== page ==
DJO LAW BLOG : Legal Newsletter
Meal and Rest Breaks Update: The Brinker Case

The long-awaited ‘meal and rest period’ case, Brinker, has finally been decided by the California Supreme Court after seven years of litigation and over two years pending on the Supreme Court docket.

Dramatic headlines such as this one have been typical in the news: “Managers Don’t Have to Ensure Lunch Breaks.” But, the truth embodied in the 55-page court opinion is much less sweeping. Still, this case is of immense importance to employers and employees alike, because it clarifies certain ambiguities present in California meal/rest period codes.

Here are the essential points that Brinker has made law: 

  • The 10-minute rest period does not need to be given prior to the 30-minute meal period.
  • The 10-minute rest period does not need to be given for work shifts of less than 3 1/2 hours.
  • Meal periods must commence before the start of a worker’s sixth hour of work (i.e. the break does not need to be completed during the fifth hour).
  • Employers fulfill their obligation to “provide” meal periods so long as the employer has a clear policy that is actually implemented to allow employees to take a completely work-free meal break. After that, the employer is not required to “police” work areas to “ensure” that each worker is actually not working during his or her break. As the court stated: “the employer is not obligated to police meal breaks and ensure no work thereafter is performed. Bona fide relief from duty and the relinquishing of control satisfies the employer’s obligations, and work by a relieved employee during a meal break does not thereby place the employer in violation of its obligations and create liability for premium pay…”]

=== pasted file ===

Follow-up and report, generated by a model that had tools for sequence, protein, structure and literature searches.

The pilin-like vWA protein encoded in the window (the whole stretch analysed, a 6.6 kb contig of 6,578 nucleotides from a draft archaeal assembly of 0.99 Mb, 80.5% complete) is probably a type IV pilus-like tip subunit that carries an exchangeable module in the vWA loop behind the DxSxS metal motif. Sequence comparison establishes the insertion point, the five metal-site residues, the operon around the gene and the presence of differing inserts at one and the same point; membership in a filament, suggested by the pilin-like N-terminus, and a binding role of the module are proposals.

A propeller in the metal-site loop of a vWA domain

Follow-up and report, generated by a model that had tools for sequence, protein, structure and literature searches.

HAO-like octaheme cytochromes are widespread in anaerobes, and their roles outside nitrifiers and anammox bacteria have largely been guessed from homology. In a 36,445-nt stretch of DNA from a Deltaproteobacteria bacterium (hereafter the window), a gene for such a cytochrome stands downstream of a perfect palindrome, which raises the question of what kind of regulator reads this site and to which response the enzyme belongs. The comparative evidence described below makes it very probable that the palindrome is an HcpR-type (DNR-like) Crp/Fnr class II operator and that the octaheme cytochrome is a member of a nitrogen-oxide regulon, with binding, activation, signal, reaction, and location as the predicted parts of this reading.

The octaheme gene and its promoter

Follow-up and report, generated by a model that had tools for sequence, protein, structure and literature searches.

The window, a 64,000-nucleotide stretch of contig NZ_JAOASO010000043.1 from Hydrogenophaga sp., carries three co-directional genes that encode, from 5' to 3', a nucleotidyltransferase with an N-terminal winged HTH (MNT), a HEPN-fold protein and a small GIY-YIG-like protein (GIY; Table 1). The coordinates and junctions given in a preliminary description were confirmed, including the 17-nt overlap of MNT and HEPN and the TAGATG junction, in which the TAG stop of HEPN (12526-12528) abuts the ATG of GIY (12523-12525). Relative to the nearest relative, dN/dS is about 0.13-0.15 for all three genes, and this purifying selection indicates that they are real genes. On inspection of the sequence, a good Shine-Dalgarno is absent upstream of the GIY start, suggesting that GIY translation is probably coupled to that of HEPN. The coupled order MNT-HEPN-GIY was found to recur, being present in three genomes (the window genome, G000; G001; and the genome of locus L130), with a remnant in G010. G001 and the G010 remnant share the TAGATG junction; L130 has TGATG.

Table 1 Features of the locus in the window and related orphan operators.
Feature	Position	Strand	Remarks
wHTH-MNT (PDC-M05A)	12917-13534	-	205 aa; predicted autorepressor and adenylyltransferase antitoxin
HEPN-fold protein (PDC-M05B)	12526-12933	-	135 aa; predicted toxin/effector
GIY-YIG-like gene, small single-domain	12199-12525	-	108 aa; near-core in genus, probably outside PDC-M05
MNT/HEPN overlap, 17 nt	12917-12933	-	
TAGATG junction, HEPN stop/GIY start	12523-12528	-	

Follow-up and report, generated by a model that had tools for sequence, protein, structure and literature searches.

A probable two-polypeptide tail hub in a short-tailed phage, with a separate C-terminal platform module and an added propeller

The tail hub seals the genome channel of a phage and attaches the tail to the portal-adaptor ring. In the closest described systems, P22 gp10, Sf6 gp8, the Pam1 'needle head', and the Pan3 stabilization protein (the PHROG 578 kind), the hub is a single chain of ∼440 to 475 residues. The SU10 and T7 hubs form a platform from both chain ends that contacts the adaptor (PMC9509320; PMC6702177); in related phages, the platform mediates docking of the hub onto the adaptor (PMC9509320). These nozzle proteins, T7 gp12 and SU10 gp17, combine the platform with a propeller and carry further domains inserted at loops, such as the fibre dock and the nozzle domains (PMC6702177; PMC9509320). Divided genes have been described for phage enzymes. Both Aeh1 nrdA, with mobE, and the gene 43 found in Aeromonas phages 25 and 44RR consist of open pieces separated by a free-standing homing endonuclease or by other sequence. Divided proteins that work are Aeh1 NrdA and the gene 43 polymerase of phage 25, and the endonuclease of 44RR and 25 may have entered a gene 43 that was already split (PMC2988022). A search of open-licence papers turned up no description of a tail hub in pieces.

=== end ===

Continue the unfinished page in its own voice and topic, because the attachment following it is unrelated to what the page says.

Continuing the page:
The last point was the most contentious of the issues in Brinker. The court found that the plaintiff-worker had not “presented substantial evidence of a systematic company policy to pressure or require employees to work off the clock,” but the court did note that an employer’s liability is contingent on proof that the employer “knew or should have known off-the-clock work was occurring.” Thus, it is still important for employers to have a clear and implemented policy for meal and rest periods, and to record each worker’s breaks.  

The Brinker case was a class action. So, much of the court’s opinion - and its legal impact - deals with the technical aspects of class action “certification” (i.e. whether a case may proceed as a class action or not). Employers see the decision as favorable to them because it may make class action certification harder for workers to obtain. However, I don’t think Brinker will necessarily impact on a case brought by an individual worker on behalf of him or herself alone (i.e. not as a class action), especially when there is evidence that an employer has actively thwarted an employee’s ability to take breaks or knew that work was being performed off-the-clock.

For more information about meal and rest period law, click here to read my article Basics of Meal and Rest Period Law.

Click here to read the full text of the Brinker case.